1. Thanks, Mary. Watching the change in how Newsday covers the Common Core/testing/APPR stories has been a wonder to me. It took getting parents on board to get them to stop covering it as "disgruntled workers." There is much value in learning this lesson and applying it to others.

    2. There will be another rally next Wednesday in Melville at the NY democratic convention. I'm going, and I'm bringing other NYC teachers with me. We should all go, too. We should get together with parent groups, and do them in the city, too. Like the happening today.

    3. Great idea. My workday doesn't end until 3:42, and I work in Manhattan, so getting to Melville isn't likely, but putting something together for Cuomo's Manhattan office certainly is.

  3. LOL. I work until 2:20 and live on Long Island. I'll go to Melville, then, because it's definitely more convenient for me. In the meantime, let's keep our eyes open for for a Cuomo event in the city. Maybe we can get something together.

  4. De Blasio was destroyed in the Success PR war -- where all of the facts were on his side -- because he hadn't gotten around to replacing his PR ace who he was scared off from hiring due to her relationship with Eliot Spitzer. The administration should have hit back hard, showing that Success assumed the obligation to find and pay for private space when it was granted those charters. Instead the response was weak and incoherent.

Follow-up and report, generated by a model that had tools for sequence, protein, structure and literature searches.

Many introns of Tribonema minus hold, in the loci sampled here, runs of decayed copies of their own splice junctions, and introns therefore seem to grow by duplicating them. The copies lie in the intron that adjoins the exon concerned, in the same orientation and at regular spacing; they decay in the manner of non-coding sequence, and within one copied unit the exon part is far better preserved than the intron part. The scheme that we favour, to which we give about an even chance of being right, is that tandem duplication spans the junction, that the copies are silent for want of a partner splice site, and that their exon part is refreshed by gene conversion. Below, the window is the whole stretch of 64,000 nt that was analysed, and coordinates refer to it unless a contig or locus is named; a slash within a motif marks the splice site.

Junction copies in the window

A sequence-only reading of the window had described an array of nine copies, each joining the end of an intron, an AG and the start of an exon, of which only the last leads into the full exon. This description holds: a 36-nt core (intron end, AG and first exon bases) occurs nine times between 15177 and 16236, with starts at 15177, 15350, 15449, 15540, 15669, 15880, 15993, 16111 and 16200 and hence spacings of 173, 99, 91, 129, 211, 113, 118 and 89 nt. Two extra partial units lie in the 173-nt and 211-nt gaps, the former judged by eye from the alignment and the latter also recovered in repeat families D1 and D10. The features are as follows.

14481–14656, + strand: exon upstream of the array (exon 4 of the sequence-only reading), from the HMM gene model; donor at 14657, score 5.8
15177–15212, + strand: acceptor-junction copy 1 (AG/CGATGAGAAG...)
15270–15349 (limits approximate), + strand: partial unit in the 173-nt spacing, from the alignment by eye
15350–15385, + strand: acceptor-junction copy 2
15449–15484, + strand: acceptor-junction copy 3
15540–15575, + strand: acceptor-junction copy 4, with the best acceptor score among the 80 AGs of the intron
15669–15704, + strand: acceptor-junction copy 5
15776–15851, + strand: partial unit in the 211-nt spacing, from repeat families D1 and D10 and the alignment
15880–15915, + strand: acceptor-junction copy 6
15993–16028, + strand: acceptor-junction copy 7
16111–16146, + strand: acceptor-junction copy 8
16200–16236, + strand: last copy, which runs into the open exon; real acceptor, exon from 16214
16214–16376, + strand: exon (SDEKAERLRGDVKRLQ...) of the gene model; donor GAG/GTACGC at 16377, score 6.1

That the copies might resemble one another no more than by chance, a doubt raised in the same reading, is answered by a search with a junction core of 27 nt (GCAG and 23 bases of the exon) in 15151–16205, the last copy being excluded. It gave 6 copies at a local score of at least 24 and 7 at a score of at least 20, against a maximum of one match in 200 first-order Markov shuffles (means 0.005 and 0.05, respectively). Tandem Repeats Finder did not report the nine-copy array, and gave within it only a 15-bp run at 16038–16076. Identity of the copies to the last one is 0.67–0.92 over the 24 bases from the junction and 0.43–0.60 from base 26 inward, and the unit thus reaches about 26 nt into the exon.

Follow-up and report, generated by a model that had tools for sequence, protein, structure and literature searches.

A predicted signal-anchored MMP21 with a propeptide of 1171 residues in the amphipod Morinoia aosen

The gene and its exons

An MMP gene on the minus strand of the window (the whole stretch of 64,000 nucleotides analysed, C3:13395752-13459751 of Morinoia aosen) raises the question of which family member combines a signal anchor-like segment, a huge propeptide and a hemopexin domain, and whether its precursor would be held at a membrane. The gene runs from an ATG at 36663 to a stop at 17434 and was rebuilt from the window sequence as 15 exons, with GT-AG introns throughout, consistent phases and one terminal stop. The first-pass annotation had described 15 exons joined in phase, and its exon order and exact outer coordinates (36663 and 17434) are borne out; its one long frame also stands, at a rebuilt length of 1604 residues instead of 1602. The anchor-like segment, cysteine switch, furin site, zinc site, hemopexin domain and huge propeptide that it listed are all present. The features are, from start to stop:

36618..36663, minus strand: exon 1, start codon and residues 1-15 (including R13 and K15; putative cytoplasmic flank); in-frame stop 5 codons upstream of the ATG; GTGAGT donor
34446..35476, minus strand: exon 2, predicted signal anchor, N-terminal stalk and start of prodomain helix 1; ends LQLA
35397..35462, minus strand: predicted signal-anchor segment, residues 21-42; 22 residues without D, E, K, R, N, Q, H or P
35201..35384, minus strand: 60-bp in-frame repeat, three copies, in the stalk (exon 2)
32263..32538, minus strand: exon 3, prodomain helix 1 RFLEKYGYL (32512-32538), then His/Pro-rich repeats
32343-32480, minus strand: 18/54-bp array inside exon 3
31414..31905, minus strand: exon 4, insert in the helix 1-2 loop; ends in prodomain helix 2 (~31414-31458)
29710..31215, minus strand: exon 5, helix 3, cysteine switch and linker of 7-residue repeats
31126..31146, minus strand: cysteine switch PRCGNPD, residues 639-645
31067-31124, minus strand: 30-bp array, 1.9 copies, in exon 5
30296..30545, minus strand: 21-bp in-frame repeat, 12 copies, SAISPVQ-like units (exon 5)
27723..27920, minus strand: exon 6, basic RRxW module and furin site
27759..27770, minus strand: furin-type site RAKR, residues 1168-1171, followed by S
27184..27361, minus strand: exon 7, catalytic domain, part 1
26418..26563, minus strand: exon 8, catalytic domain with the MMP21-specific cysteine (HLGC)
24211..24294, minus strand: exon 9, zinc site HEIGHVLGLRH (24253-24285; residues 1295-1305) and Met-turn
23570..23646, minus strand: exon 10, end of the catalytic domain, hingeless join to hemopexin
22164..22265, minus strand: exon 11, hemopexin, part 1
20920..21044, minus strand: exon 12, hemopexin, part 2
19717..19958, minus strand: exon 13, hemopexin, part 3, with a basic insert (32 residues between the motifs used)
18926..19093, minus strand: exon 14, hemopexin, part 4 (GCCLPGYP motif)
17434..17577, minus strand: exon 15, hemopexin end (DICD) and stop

I don't think you can expect a groundswell of support from NYC DOE parents (beyond the usual advocacy group suspects). The contract on the table doesn't do anything for class size and yanks away extended day, and we're getting testing and test-prep protection through state law. What's in it for parents?

    1. Great points on de Blasio, Tim. They had lost Smith to the Spitzer scandal. Even now, I hear they haven't really gotten a great PR shop together yet. And that matters.

      I think you're probably right about the second point too.

    2. I agree that taking away extended day for struggling students isn't in the best interest of those students and their parents. I said that to Mulgrew and he said "If it was working for your school than do an SBO to keep the schedule as it is." I've brought it up to my Principal and staff but there are just so many things to consider and I don't know if the staff wants to give up the collaboration and parent engagement time that all the other schools will have. I'm hoping that maybe we can get some funding for after-school on Wednesday through Friday that would enable us to do both without forcing anyone to give up anything. We'll see.


  5. You guys assume de Blasio really wanted to challenge Eva and charters instead of using it as a campaign issue to tap into the anti-Bloomberg sentiment. Was he inept or did he plan to back off from the beginning? His decision to give the charters everything but 3 schools is a sign. I just didn't figure that wasn't good enough - his real mistake. In essence he looked for what he thought would be just enough to satisfy the anti-deformers while basically giving charters what they wanted. I was writing back a year ago that Eva will never pay a dime of rent - because i didn't trust de Blasio to buck the charter lobby. And so he didn't. His lack of response which looked like a slam dunk was not due to ineptness but lack of will. Because in the end they are all ed deformers - with even Baraka making deform noises.